E-Ticket It always starts in Hawaii

From the time he broke into college ball at USC, to the shocking way he left the national stage, O.J. Simpson was always larger than life.

The creation of his bust is physical evidence — pardon the expression — of that very fact.

Twenty years ago, I was still carrying a standard-size, nine-inch head into my final posing sessions. To that point, I had never run into a serious logistical problem. And then I walked into Simpson's Brentwood house — long before it became associated with that infamous crime — and realized immediately that I had a lot of work to do.

My caliper measurements confirmed my fears: O.J.'s head, in comparison to the rest of his body, was enormous. So instead of working on the nuances of expression, I found myself hurriedly adding clay to the head, and then more clay. Nearly the entire posing session was consumed by adding several inches all the way around.

O.J., who finished his career with 11,236 yards rushing — 2,003 of them coming in the 1973 season alone — was a genial host. A stream of people flowed through the home, including former teammates Reggie McKenzie and Bob Chandler, as well as his wife Nicole, her sister Denise, his children from his previous marriage and his parents.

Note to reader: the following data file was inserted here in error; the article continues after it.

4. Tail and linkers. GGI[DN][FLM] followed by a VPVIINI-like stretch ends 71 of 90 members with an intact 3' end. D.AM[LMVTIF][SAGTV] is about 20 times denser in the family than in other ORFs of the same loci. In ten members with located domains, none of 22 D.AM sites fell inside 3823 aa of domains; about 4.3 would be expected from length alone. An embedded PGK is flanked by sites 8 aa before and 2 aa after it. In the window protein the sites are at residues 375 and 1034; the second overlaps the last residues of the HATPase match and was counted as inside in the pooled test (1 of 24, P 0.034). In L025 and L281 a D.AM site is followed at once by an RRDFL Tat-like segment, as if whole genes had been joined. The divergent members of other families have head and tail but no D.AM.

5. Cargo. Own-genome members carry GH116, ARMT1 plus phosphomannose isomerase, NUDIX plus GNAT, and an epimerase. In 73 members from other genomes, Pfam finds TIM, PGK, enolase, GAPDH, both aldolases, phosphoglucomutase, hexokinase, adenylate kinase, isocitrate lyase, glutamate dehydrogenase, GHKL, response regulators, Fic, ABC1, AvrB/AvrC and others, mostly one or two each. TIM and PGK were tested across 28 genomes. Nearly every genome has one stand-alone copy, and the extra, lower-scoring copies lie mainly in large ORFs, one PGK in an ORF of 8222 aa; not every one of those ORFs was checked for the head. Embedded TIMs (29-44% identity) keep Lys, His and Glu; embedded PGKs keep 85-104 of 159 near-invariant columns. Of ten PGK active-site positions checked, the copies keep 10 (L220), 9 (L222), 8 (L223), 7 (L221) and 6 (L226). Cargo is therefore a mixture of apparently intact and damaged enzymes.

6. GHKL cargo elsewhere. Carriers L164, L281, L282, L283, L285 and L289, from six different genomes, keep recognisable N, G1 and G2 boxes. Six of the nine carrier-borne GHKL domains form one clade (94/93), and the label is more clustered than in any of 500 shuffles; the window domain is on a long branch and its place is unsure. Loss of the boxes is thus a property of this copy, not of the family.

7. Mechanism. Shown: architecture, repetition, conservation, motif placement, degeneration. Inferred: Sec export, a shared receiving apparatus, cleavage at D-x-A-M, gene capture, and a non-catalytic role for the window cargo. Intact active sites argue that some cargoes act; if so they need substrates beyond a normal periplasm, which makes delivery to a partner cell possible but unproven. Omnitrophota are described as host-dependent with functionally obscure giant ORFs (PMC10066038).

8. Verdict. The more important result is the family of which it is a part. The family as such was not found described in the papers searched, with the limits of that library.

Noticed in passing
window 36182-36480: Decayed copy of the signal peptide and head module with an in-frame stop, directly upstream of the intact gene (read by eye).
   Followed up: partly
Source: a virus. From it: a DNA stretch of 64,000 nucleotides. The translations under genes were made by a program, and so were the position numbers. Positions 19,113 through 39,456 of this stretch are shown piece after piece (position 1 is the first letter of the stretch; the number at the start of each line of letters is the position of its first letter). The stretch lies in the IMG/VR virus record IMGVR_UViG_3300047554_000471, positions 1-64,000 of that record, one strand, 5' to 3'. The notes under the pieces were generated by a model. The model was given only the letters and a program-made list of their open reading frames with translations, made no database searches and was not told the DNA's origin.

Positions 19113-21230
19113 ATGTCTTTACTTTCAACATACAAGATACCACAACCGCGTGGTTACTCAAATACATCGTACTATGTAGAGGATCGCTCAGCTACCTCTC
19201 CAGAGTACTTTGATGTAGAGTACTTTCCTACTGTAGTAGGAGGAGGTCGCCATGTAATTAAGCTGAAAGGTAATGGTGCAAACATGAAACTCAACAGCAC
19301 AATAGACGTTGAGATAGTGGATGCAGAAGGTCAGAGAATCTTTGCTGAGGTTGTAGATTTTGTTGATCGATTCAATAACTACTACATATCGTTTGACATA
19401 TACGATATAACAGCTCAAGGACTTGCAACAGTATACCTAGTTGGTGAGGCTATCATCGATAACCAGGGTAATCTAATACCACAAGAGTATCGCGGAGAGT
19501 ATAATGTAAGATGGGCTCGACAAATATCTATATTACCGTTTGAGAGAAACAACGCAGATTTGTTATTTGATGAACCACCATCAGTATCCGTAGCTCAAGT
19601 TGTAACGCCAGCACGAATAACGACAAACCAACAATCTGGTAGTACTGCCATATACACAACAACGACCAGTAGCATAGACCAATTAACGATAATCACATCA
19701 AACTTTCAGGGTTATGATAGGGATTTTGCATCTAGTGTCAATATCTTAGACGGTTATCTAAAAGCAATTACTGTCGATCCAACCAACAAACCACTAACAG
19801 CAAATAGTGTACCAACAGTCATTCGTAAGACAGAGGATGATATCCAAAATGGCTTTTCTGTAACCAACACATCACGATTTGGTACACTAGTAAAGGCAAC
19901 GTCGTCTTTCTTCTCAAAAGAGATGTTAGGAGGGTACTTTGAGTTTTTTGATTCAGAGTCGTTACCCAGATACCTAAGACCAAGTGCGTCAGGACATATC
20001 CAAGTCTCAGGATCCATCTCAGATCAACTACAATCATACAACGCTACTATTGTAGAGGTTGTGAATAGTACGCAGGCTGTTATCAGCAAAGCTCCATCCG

Yes, the cast of characters that everyone came to know 10 years later.

Nicole Brown Simpson, who had married Simpson earlier that year, was pregnant with her first child at the time of the posing session. A decade later, in 1994, she was murdered, and Simpson was charged with the crime.

I remember my time with Simpson fondly — he was an absolute kick to be around — and I watched the trial with mixed emotions.

I was never happy with the likeness of Simpson, and before the Hall of Fame's Class of 1985 was introduced I petitioned the directors to send me to Hawaii to make accurate measurements. They declined, but I decided to go at my own expense — something I do to this day. The whole process can take anywhere from a week to several months depending on the subject and our collaborative process, but with the honorees who are still alive, it always starts in Hawaii.

O.J. — that's one I'd like another chance to do.